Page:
The potential of an enabling PMS, combined with the lack of research on this concept, results in the focus of the first study in this dissertation. A case study research in two Belgian companies made it  possible to investigate the conditions under which a PMS is perceived as enabling. This study revealed that the variables detected in previous research to create an enabling PMS are insufficient. More specifically, middle managers{\textquoteright} perception of the PMS as an enabling technology is also contingent on the mode of participation and their experienced participation congruence during the development process. Only when managers have true participation they will perceive the PMS as enabling.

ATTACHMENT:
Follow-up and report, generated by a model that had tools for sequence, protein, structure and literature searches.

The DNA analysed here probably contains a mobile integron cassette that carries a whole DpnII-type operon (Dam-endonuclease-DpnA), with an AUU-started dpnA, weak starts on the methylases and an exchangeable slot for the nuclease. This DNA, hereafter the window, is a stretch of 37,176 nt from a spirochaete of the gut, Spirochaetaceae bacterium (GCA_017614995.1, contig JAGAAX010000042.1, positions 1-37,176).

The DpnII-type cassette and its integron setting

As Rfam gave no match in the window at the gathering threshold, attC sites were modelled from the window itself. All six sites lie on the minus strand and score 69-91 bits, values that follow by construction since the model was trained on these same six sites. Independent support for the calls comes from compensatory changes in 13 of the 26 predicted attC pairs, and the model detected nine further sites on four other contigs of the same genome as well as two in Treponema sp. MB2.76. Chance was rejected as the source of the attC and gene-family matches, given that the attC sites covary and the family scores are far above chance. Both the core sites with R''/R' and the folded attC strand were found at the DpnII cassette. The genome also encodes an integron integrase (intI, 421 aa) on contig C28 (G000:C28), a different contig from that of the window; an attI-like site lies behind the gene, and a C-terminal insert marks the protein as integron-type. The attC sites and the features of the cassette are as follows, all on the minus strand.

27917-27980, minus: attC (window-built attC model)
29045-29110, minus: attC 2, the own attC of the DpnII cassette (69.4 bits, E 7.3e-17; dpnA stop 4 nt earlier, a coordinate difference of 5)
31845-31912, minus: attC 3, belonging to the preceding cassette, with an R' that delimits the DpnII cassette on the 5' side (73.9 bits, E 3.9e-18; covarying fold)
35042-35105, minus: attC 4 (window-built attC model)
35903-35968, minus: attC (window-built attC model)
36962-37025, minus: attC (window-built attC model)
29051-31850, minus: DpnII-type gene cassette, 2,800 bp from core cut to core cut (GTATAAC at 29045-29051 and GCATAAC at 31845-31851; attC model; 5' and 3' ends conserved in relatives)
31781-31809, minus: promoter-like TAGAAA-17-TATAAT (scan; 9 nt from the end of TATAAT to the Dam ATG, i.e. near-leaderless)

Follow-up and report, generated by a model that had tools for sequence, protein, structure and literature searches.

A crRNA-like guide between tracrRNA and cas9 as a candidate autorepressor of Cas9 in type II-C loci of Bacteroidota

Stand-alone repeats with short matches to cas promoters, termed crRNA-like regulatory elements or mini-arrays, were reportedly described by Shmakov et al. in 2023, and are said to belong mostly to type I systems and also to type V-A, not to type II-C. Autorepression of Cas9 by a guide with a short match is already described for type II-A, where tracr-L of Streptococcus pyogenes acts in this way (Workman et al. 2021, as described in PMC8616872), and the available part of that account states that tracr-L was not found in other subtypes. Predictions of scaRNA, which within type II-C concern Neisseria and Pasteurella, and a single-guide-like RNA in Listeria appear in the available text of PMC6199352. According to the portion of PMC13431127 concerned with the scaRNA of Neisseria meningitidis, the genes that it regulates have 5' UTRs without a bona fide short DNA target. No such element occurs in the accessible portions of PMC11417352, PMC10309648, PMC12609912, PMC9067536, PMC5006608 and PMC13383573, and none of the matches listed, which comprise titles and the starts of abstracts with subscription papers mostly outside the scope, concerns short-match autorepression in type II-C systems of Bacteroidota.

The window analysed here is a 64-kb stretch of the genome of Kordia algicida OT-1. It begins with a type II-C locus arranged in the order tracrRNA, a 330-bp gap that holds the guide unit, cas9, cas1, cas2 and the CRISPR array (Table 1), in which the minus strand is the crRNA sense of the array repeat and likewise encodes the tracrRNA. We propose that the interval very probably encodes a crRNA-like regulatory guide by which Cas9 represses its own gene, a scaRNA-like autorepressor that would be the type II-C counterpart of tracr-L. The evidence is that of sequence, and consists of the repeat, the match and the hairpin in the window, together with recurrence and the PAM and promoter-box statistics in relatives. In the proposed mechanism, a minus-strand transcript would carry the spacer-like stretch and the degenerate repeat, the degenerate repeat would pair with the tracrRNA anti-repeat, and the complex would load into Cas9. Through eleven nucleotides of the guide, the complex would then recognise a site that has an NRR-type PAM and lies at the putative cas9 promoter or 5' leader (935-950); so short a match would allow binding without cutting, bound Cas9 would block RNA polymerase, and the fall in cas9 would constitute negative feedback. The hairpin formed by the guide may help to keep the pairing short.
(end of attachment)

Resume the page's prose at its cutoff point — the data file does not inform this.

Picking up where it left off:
After having discovered the possibility of a PMS to be an enabling technology, the second study investigated whether and how managerial performance is affected by PMSs designed as an enabling technology. To build a research model, the study drew on the self-determination theory and described the motivational mechanisms that play a pivotal role in the relationship between a PMS and managerial performance. Structural equation modeling on questionnaire data obtained from 186 managers from different Belgian companies were used to get an indication on the research question. The results indicated the significance of an enabling PMS. An enabling PMS impacted performance indirectly, and this effect occurred through autonomous motivation. Our findings also demonstrated that controlled motivation had no significant explanatory power in the PMS-performance relationship.